All the errors outlined by Reagan followed. Bush, Defense Secretary Donald Rumsfeld, and other overconfident officials parachuted Washington ideas into the provinces of Iraq, starting with the dissolution of the armed forces. They bragged about how many terrorists we were luring to Iraq and fighting there, brushing aside their own National Intelligence Estimate, which suggested that the correct index of the war's success or failure—"cultivating supporters for the global jihadist movement"—was going the wrong way.
They assumed "provisional" responsibility for governing Iraq and delayed handing some of those responsibilities back to Iraqis, arguing that the beneficiaries weren't yet ready to run their affairs. Unlike the Republicans of the 1990s, who insisted on firm deadlines for getting people off welfare so that the recipients would be forced to take responsibility, Bush continues to reject a "fixed timetable of withdrawal." The result is that Iraqi leaders aren't making the difficult decisions they'd have to make if the alternative were immediate collapse. At his Oct. 25 press conference, Bush was asked what he would do if Iraqi leaders failed to take steps toward responsible self-rule. "One should not expect our government to impose these benchmarks on a sovereign government," Bush pleaded. "You'd expect us to work closely with that government to come up with a way forward that the government feels comfortable with."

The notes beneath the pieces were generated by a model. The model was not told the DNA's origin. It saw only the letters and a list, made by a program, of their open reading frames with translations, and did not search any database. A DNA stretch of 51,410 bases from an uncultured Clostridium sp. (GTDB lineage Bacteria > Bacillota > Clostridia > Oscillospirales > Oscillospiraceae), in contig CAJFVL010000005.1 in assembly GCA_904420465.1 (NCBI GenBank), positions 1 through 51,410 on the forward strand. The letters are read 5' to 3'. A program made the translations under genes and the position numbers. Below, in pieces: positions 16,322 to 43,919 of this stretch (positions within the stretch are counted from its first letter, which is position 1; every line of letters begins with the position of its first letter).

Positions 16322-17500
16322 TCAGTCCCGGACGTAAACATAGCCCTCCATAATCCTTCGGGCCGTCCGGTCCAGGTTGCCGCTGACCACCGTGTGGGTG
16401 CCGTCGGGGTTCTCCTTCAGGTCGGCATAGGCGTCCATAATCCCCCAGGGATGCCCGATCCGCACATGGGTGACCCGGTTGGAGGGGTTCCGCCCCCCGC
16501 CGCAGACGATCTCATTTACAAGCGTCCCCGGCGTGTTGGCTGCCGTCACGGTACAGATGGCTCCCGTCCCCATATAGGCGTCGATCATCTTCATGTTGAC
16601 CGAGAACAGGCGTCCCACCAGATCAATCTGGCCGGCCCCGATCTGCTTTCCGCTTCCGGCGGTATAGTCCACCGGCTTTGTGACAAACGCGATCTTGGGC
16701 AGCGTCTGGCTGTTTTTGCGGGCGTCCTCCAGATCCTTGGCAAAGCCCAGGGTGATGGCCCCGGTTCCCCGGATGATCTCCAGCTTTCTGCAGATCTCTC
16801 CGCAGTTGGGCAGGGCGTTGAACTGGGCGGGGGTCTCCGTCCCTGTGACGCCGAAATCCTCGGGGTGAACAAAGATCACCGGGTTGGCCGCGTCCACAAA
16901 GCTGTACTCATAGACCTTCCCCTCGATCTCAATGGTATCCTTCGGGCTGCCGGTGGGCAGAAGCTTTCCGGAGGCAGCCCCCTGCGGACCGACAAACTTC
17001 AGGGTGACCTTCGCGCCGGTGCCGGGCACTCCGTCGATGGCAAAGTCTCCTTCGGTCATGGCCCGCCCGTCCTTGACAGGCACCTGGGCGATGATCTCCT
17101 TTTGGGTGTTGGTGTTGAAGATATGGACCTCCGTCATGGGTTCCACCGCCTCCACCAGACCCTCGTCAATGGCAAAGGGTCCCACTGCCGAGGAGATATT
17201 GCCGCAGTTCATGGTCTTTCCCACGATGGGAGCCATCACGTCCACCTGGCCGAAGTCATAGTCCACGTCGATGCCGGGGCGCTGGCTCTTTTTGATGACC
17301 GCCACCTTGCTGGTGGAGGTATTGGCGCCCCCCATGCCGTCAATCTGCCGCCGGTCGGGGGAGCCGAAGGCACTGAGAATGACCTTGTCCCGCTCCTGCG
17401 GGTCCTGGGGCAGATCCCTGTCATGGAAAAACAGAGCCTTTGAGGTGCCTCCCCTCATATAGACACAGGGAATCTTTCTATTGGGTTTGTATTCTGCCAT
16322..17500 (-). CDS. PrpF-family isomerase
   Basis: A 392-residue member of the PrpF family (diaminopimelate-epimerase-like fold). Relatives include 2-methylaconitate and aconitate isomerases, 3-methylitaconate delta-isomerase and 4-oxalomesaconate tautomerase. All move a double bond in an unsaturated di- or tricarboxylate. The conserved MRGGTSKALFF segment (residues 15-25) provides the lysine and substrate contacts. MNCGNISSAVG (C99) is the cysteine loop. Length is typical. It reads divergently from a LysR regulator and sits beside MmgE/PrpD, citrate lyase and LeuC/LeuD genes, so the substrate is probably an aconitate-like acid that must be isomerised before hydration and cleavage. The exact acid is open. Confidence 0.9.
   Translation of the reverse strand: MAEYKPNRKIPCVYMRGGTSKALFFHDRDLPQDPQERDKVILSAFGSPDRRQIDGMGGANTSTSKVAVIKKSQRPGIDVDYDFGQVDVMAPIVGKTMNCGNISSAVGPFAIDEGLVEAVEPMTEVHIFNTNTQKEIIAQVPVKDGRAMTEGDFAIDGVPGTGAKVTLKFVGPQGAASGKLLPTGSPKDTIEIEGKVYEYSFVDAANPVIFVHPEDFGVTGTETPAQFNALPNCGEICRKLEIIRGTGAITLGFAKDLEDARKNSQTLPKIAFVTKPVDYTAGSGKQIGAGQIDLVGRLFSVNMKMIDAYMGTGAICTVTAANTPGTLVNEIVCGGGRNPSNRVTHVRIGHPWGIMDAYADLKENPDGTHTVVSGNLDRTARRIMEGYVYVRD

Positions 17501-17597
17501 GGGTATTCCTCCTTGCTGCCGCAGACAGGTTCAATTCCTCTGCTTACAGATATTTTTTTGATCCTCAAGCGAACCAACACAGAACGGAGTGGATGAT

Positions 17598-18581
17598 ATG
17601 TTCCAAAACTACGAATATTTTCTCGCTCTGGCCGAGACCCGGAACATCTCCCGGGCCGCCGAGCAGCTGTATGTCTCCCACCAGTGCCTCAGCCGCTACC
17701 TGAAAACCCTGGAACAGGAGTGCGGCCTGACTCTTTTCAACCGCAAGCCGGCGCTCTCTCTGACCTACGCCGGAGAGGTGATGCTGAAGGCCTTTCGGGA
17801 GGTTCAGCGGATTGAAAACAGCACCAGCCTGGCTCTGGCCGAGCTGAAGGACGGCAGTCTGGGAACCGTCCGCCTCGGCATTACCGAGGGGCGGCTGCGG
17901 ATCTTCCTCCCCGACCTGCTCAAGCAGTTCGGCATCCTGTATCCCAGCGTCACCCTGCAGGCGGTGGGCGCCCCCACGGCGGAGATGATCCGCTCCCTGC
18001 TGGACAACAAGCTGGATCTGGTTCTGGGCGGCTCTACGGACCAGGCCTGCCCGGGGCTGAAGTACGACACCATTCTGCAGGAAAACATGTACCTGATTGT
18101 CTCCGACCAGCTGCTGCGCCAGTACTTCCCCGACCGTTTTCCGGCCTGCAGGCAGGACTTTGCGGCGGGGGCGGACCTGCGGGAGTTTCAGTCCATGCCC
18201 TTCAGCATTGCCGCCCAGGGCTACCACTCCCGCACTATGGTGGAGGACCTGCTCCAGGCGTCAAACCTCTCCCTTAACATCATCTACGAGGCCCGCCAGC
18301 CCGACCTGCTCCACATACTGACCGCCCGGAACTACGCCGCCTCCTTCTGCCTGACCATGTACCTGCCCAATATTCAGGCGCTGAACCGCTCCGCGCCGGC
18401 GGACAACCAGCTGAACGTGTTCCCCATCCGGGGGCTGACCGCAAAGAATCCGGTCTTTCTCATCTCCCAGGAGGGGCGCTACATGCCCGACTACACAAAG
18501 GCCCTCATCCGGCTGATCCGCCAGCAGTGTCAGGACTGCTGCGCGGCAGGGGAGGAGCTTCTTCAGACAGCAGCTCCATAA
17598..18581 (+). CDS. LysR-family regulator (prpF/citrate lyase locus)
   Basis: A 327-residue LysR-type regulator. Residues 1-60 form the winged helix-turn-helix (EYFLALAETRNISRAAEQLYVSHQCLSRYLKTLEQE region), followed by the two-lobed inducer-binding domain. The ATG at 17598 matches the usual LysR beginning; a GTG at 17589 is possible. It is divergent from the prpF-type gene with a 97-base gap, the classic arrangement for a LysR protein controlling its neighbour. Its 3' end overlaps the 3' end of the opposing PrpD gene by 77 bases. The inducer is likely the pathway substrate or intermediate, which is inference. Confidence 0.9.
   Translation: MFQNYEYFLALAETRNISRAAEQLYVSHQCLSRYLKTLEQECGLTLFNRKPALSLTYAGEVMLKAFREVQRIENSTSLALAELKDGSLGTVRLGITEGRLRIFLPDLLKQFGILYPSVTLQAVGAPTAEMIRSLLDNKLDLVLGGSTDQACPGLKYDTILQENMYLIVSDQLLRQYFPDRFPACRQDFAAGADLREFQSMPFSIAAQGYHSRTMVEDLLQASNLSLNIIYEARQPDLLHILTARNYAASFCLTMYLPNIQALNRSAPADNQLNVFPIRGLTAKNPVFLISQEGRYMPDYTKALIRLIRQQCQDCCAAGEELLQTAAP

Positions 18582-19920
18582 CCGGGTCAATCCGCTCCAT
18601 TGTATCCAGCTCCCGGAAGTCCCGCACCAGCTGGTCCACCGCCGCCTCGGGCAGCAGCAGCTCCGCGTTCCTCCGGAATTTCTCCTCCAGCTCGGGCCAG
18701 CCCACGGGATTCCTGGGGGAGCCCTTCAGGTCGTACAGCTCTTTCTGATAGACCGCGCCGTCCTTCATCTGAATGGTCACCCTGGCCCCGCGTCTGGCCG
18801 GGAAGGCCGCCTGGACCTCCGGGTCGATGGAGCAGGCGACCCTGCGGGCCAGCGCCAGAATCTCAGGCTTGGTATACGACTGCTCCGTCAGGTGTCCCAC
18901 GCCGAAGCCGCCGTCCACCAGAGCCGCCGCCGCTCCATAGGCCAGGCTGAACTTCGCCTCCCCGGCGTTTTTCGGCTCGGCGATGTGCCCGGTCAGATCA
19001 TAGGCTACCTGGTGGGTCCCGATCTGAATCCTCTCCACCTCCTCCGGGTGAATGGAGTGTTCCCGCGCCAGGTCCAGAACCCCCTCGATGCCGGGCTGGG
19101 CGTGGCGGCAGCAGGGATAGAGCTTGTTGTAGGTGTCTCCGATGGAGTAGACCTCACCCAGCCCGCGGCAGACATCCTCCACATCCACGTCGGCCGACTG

Feels comfortable with?
Worst of all, lacking positive results, Bush has cowed critics of the occupation into silence by accusing them of undermining the "war on terror." He ignores the fact that civil war, not anti-American terrorism, has become the chief cause of violence in Iraq. If you vote against an appropriations bill, you're betraying our troops. If you call for a withdrawal timetable, you're trying to "cut and run." In his campaign speeches against Democrats this week, Bush has charged that withdrawal would "dishonor the sacrifice of the men and women who have worn our uniform."
The most cynical welfare-state political strategist would be proud. Never mind whether the program is working or backfiring. Never mind whether it comports with the human tendency to take responsibility only when you have to. Bush will continue to spend blood and money on his program, and to portray its critics as cowards, until somebody has the courage to stop him.